I didn’t quite know what to make of “The Babadook” when I first saw it and decided it was best to sleep on it, which could be seen as a fairly damning indictment of its potency as a horror film. But I have to confess, it wasn’t the best night’s sleep I ever had and not because the slightest noise had me imagining a book-born boogeyman had infiltrated my house. No, the true horror of “The Babadook” is so much more mundane than a mere fantastical creature and all the more potent for it.
It tells the story of a widowed single mother, still damaged and numb from the events which claimed her husband’s life and struggling to raise her troubled seven year old son. As her son’s behaviour worsens and his fear of a monster lurking within the pages of a book intensifies, she is forced to confront the sinister darkness plaguing their lives.
This is a very different kind of horror film from the glutinous diet of cynically edited jump scares, gory one-upmanship and torture porn which has dominated the genre for the past few years. This is a gritty, grim exercise in slow-burning paranoia and fear with a genuinely new and fascinating creation at its centre. There’s no flashiness here, just a dreamily ambient and disturbing atmosphere which tightens its grip almost imperceptibly on you as the film unfolds until you reach the finale white-knuckled and deeply unsettled.
What makes it so effective is the depth of the narrative and the themes explored by the movie. Yes, it’s about a supernatural monster terrorising a mother and her son but look again and you’ll see a savagely honest exploration of what it’s like to raise a child who is troubled or who has special needs. The initial sympathy of those around you leeching away to reveal their own discomfort and their eventual withdrawal or avoidance; the sense of alienation and isolation as the world carries on around you, never pausing for a moment to really empathise with the challenges you face and the heart-breaking stress and worry that comes from being the only one who must soldier on despite the slings and arrows of the outrageous misfortune because you’re the only one who doesn’t have a choice.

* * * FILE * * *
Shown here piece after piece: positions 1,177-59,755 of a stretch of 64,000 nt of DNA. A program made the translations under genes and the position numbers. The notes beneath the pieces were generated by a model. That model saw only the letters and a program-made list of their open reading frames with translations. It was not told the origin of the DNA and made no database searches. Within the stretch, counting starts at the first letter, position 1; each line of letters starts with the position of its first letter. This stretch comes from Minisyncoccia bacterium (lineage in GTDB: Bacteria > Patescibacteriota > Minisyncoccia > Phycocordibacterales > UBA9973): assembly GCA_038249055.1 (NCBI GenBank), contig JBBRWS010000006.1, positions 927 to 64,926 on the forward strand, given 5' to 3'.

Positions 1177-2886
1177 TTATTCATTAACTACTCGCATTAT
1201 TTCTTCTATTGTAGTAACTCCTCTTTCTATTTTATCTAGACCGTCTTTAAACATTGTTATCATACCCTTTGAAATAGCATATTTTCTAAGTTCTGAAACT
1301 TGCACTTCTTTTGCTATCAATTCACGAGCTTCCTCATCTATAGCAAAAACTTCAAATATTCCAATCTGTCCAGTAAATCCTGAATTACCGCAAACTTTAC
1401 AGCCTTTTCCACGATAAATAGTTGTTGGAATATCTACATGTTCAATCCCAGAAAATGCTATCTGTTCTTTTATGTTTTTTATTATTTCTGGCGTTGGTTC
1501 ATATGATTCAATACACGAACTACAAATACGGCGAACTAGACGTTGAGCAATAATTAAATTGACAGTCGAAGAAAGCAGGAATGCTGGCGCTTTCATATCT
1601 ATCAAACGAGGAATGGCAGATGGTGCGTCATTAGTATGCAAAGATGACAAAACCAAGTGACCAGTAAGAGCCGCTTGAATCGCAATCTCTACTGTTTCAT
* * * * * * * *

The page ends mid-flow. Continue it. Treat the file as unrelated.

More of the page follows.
All of this emotional subtext is brought to screen by a pair of powerful performances from Essie Davis as Amelia and Daniel Henshall as Robbie. Much of the film, as befits their social isolation, rest on their shoulders and their reactions to the threats – real and imagined – within their home but they never once disappoint. There’s a raw honesty to their performances and a palpable parent-child bond between them. Credit too to the casting, this is a grubby, lived in world devoid of hollow pretty people. From the stuffy headmaster to the endearing elderly neighbour suffering from Parkinson’s even the smallest characters feel fully fleshed out and genuine.
The production design is tremendous, with The Babadook seeming like the demonic ghost of The League Of Gentlemen’s Papa Lazarou crossed with elements of Slender Man. Although there are no contrived scares, there are plenty of chilling and unsettling moments and the deceptively innocent pop-up book ‘Mister Babadook’ is truly terrifying. That this film can convey so much horror with simple paper cut outs gives you an idea of just how good the writing, direction, performances and design truly are. In fact, if the film has a flaw at all, it’s that it chooses on a couple of occasions to give us too good a glimpse of The Babadook and the creature, for all its malevolence, feels somewhat reduced once you’ve seen his face.
With a fresh and unexpected denouement, the film takes the courageous step of leaving us without a neat and tidy resolution, instead remaining fiercely loyal to the quirky and sinister set of rules it established for itself. It didn’t give me a sleepless night – at least not in the way I was expecting – but there’s no denying its power as a psychological drama and a superbly realised story.